Jeffrey Lionel Magee is an orphan who runs away from his awful relatives' home. And when I say "runs," I mean that literally. He's a runner as well as an all-round athlete, but eventually he winds up in a small Pennsylvania town across the river from where his parents had died. The town is split racially, but Jeffrey, or "Maniac" as his legend soon dubs him, is too young or unassuming to understand racism.

He runs through the town in the hours before people are up, and sees that everyone's houses are basically the same, so why shouldn't the people be as well? He winds up in three very different homes in his search for a true home, and has racism thrown so hard in his face that finally he has to run away from it.

Amid the OTT imagery, a world seen through a child's eyes, we get fairly gentle lessons in race relations, illiteracy, homelessness, and even would-be suicide. But let me stress that the humor and heart are what carry this through, along with Maniac's shabby tennis shoes. It's won a small mountain of major literary awards, and is a satisfying, heartwarming read that you'll love as much as will the children in your life.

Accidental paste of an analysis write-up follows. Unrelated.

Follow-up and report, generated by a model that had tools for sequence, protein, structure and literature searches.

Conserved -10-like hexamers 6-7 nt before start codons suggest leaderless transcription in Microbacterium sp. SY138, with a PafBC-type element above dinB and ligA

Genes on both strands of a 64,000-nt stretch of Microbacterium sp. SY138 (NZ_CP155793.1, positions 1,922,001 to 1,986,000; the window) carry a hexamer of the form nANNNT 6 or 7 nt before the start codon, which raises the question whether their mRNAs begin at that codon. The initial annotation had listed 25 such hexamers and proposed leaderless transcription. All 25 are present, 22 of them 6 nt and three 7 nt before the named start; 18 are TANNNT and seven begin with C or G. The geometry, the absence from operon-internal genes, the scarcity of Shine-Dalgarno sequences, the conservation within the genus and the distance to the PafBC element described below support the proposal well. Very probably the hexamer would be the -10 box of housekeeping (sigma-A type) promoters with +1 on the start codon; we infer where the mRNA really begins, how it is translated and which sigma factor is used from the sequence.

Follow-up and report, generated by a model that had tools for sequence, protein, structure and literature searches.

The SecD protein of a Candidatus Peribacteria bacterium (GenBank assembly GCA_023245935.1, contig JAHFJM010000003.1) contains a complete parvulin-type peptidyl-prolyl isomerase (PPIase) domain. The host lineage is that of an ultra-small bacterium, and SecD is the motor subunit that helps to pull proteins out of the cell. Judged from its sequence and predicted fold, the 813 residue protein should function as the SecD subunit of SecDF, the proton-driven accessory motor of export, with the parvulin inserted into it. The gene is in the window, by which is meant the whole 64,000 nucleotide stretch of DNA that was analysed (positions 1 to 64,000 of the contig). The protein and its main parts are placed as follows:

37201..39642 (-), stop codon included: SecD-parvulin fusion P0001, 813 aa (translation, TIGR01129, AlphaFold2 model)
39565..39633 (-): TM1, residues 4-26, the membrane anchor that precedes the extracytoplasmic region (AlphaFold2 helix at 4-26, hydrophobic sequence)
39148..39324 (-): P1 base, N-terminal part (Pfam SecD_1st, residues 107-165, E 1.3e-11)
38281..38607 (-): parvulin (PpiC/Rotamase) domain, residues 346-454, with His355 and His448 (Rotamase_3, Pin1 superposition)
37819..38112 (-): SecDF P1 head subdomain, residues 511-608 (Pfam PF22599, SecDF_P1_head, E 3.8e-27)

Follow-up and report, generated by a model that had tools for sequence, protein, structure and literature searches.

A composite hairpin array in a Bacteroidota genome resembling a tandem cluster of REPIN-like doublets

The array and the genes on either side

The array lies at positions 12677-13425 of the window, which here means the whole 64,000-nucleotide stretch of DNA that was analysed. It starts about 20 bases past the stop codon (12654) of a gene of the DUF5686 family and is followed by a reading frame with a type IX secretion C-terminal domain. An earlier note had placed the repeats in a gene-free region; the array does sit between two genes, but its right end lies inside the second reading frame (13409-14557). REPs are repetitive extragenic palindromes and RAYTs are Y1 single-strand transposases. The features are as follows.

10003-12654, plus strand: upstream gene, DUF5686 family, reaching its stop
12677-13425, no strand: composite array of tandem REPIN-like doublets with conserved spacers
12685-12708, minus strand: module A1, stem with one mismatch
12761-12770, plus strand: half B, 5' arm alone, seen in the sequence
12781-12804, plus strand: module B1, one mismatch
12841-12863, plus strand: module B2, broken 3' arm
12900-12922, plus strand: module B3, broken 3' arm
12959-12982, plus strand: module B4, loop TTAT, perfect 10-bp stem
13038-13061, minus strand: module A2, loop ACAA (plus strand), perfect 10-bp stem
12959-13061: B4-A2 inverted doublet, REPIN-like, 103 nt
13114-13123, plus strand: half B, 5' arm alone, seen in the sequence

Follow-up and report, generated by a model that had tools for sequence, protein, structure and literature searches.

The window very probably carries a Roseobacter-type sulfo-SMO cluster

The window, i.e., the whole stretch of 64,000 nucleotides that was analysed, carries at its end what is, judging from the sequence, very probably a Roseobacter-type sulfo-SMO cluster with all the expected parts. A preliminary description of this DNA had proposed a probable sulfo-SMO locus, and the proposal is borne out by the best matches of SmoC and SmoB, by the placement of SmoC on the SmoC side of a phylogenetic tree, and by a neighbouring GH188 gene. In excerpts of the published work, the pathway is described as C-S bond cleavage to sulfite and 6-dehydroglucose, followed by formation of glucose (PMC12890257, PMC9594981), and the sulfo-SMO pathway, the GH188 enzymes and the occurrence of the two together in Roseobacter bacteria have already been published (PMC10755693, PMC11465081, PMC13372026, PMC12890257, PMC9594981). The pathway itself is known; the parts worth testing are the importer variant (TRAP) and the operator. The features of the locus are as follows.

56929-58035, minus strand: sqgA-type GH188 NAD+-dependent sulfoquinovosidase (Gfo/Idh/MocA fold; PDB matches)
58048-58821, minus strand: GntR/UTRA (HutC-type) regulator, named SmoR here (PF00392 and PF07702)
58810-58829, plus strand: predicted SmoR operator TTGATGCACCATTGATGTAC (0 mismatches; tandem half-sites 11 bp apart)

Tuesday, July 20, 2010

Fixin' a Flat

Last spring I entered the Raleigh Paint Out, in which we arteests trooped outdoors on an assigned day to an assigned neighborhood, and painted. Pictures were due framed and ready to hang by day's end.

I chose a winding path in Fred Fletcher Park with pretty red maples in view. My goals for this picture were to simplify a composition, to really change nature (something I've not had the guts to do before), and to work with a more structured color idea.